The logotype also removes the visual break between Euro and Sport, which Gaggio says was important to reflect the channel’s increasingly international focus. The blue and red colour palette has remained (though the blue is now deeper and the red, more reddish-pink) and a new secondary palette includes bright blue, green and orange. “In a formal sense, we’ll use the full name and core colours and then we’ll have a shorthand marque and more sporty secondary colours for things like merchandising,” adds Pentagram partner Angus Hyland.
On-air, idents depict a range of different sports and pre-match rituals and aim to capture a sense of excitement and tension. “A lot of sports broadcasters and brands go after certain aspects of sport, and a lot of it is around grandeur. Everything is heroic and iconic and so on, so really for us, it was about breaking out of that way of thinking,” says DixonBaxi’s Aporva Baxi. “We wanted to capture moments aside from the things you typically see in sport such as the winning goal, the match point, crossing the finish line – so these are about preparation, the excitement of fans and the ups and downs of the game.”
With its use of rapid cuts and close-ups, the longer idents place viewers at the heart of the action, offering a more visceral alternative to a carefully composed photoshoot and something more akin to the unrehearsed moments we see in live broadcasting. “Those moments are fleeting and authentic – they’re not heavily art directed. From an image point of view, we were very clear we didn’t want anything to feel too constructed or to have it shot in a studio where it’s lit perfectly and everyone will be frozen in motion. We wanted something more immersive…which would make people feel like they’re there in that moment.” he adds.
DixonBaxi also created a set of asbtract bumpers for ad breaks. One shows pulsing ferrofluid, reminiscent of the oil in a race car’s engine, while another captures the moment an ice hockey player’s skates hit the ice on a rink. “That was about pushing the camera even further in – what does it feel like inside the engine of a car, or the cogs of the chain on a bike? On the one hand, they’re highly abstract, but the sound design helps viewers make sense of them,” says Baxi.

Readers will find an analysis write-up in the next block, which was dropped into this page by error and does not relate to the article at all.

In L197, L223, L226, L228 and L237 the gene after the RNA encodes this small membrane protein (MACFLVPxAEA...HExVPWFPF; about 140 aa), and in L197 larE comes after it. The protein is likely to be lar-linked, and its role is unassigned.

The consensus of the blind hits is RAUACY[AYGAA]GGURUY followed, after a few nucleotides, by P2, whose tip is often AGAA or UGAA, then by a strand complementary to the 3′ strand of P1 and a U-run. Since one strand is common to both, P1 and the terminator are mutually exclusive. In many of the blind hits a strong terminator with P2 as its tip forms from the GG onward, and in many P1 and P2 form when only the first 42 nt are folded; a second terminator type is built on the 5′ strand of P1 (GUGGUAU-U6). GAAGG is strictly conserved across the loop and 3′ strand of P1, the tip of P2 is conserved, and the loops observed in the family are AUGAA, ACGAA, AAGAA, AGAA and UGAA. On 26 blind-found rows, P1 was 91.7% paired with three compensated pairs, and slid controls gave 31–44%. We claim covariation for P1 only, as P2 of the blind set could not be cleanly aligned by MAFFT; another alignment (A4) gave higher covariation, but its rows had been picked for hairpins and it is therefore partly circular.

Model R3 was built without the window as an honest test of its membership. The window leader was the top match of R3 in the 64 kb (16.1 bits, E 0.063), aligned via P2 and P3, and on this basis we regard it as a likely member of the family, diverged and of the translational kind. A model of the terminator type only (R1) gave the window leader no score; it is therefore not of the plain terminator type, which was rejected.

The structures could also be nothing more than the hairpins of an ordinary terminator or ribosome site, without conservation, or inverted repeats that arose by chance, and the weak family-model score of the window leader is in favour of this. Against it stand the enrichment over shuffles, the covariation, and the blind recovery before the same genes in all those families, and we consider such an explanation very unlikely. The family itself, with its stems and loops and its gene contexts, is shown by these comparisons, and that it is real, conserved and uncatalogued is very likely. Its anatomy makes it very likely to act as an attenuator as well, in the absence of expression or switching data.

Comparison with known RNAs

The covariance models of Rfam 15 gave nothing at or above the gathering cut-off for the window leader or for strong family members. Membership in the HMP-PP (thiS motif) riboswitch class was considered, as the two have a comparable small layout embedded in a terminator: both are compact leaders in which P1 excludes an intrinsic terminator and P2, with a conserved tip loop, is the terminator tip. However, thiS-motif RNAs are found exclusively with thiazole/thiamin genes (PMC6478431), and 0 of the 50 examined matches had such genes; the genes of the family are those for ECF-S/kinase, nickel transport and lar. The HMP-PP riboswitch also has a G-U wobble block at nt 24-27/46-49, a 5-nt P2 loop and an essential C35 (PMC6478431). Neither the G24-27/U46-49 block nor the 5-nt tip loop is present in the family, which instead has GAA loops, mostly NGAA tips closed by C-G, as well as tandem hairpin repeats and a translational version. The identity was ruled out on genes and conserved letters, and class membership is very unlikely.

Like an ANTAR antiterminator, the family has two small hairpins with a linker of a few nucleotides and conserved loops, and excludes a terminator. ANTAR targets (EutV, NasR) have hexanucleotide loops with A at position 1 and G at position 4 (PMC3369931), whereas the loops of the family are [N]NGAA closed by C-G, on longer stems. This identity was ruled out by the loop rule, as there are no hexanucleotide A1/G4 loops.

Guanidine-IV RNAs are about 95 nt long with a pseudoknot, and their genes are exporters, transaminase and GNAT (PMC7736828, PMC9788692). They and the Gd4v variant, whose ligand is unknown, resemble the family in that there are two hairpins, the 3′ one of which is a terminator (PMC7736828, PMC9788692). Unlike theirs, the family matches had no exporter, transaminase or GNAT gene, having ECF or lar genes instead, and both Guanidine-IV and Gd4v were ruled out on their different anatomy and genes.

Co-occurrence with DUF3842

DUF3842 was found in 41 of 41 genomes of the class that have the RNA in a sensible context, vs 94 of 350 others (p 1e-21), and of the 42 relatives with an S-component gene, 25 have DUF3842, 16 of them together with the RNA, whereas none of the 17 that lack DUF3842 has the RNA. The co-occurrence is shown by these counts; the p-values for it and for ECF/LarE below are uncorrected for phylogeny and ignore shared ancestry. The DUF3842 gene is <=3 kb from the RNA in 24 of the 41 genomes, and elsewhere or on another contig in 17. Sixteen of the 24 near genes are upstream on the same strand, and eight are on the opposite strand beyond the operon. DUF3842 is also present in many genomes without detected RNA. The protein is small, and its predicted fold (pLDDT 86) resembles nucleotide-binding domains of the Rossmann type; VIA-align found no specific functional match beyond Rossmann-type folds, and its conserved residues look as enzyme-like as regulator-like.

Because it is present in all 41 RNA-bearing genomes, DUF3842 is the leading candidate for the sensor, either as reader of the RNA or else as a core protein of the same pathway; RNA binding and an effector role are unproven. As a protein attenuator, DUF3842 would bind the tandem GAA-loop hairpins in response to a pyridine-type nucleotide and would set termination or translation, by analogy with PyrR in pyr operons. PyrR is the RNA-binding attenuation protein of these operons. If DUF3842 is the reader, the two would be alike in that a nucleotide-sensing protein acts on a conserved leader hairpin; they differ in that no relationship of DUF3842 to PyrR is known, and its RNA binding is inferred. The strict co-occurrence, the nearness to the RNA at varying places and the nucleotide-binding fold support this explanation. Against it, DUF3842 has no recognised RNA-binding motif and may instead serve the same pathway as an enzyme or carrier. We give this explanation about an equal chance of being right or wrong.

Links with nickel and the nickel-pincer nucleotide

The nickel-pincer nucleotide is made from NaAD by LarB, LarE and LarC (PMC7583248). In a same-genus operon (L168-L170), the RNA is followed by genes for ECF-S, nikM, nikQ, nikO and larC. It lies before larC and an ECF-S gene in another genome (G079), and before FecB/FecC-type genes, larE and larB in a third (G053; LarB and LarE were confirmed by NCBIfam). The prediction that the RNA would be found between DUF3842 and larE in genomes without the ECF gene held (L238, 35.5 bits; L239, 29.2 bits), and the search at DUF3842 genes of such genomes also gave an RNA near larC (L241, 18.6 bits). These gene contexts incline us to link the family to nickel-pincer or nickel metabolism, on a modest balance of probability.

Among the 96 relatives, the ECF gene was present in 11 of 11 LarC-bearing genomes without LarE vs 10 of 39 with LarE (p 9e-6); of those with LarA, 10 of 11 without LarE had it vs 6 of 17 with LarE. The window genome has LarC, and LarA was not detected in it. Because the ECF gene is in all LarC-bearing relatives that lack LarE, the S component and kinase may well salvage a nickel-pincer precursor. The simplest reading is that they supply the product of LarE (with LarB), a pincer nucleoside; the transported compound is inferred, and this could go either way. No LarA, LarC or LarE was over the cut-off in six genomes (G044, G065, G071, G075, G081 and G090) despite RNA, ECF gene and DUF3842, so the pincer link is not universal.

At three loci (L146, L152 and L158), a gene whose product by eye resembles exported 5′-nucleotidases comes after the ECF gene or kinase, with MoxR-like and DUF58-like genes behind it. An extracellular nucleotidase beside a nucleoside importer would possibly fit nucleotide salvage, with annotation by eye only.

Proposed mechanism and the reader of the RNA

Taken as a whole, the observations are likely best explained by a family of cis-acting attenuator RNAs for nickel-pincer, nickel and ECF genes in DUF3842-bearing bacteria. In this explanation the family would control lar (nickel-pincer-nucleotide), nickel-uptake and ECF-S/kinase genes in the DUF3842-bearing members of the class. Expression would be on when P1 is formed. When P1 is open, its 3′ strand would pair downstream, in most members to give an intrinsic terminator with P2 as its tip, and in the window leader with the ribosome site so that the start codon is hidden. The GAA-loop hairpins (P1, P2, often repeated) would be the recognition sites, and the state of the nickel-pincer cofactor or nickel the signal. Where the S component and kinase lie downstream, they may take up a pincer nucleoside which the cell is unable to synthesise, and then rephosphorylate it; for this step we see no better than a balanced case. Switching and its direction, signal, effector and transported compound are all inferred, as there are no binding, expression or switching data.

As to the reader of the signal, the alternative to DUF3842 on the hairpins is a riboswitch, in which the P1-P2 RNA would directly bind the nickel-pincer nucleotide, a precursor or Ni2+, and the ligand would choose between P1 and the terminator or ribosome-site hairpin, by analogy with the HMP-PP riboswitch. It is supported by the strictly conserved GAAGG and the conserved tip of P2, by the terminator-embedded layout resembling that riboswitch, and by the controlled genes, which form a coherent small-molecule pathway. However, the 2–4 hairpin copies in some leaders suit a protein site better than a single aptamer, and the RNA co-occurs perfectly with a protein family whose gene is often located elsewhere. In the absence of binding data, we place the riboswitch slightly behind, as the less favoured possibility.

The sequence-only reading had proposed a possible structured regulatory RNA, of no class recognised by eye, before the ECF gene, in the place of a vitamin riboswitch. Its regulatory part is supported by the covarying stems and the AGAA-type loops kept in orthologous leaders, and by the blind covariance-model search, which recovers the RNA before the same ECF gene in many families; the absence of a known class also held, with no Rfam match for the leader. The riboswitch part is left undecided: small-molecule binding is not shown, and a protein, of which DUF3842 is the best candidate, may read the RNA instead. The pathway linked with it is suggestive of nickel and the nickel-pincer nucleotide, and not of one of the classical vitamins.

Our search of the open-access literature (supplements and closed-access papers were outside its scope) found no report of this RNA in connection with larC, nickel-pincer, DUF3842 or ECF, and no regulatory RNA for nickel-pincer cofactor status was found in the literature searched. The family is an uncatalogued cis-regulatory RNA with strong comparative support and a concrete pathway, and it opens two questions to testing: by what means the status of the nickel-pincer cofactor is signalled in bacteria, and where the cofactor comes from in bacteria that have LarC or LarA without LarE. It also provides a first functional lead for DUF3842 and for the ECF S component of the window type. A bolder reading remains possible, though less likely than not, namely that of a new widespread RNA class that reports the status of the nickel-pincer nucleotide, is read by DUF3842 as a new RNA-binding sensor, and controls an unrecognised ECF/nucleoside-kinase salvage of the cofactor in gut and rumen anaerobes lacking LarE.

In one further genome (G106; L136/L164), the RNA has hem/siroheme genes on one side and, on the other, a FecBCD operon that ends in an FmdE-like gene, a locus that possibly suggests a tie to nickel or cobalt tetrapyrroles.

Another element of the on-air look is the graphic elements used to signpost different shows and navigation around channels. For this, DixonBaxi created a dashboard-style effect, with Lineto typeface Alpha used in white against photographic backgrounds – a simple and unusually understated effect for a sports channel.
“It’s like an augmented layer on top of the footage of the sport and it also allows Eurosport to showcase all the different franchises: the Tour de France, the Moto GP, the 2015 IPC Swimming Championships, in a cohesive way, which was something they’d struggled to do before. To be honest, it’s really pared back. The whole look is about the image, so there’s nothing 3D, and there’s no colour. It’s all white apart from the red highlight with the word live and the number of the channel,” says Baxi.
Ads are based around the idea of a passion for or obsession with sport: one features a close-up of a mud-spattered cyclist celebrating victory, with the tagline ‘You can only understand my madness if you #sharemypassion’, while another will feature an image of tennis player Rafael Nadal. The hashtag will be used on social media to encourage fans to share their own sporting moments.
The result is a bold new look for Eurosport, which avoids the busy graphics and victory montages often favoured by sports broadcasters and brands in favour of a more distinctive and in some ways, subtle, approach. It’s a more contemporary look too, replacing Eurosport’s outdated identity with a more flexible system that works as well online as well as it does on and off-screen.
“There was a clear drive to make it feel contemporary and fresh…and not just like we’re changing the paint,” says Gaggio. The new look will help Eurosport’s creative teams around the world produce their own communications specific to their local audience – something Gaggio says will be an increasing focus for the broadcaster
“We provide guidelines for them which define the style of photography, editing, sound and so on – and they’ll all go through me and Antonio [Ruiz] – but it will help make our communications more relevant to fans in those markets,” he says.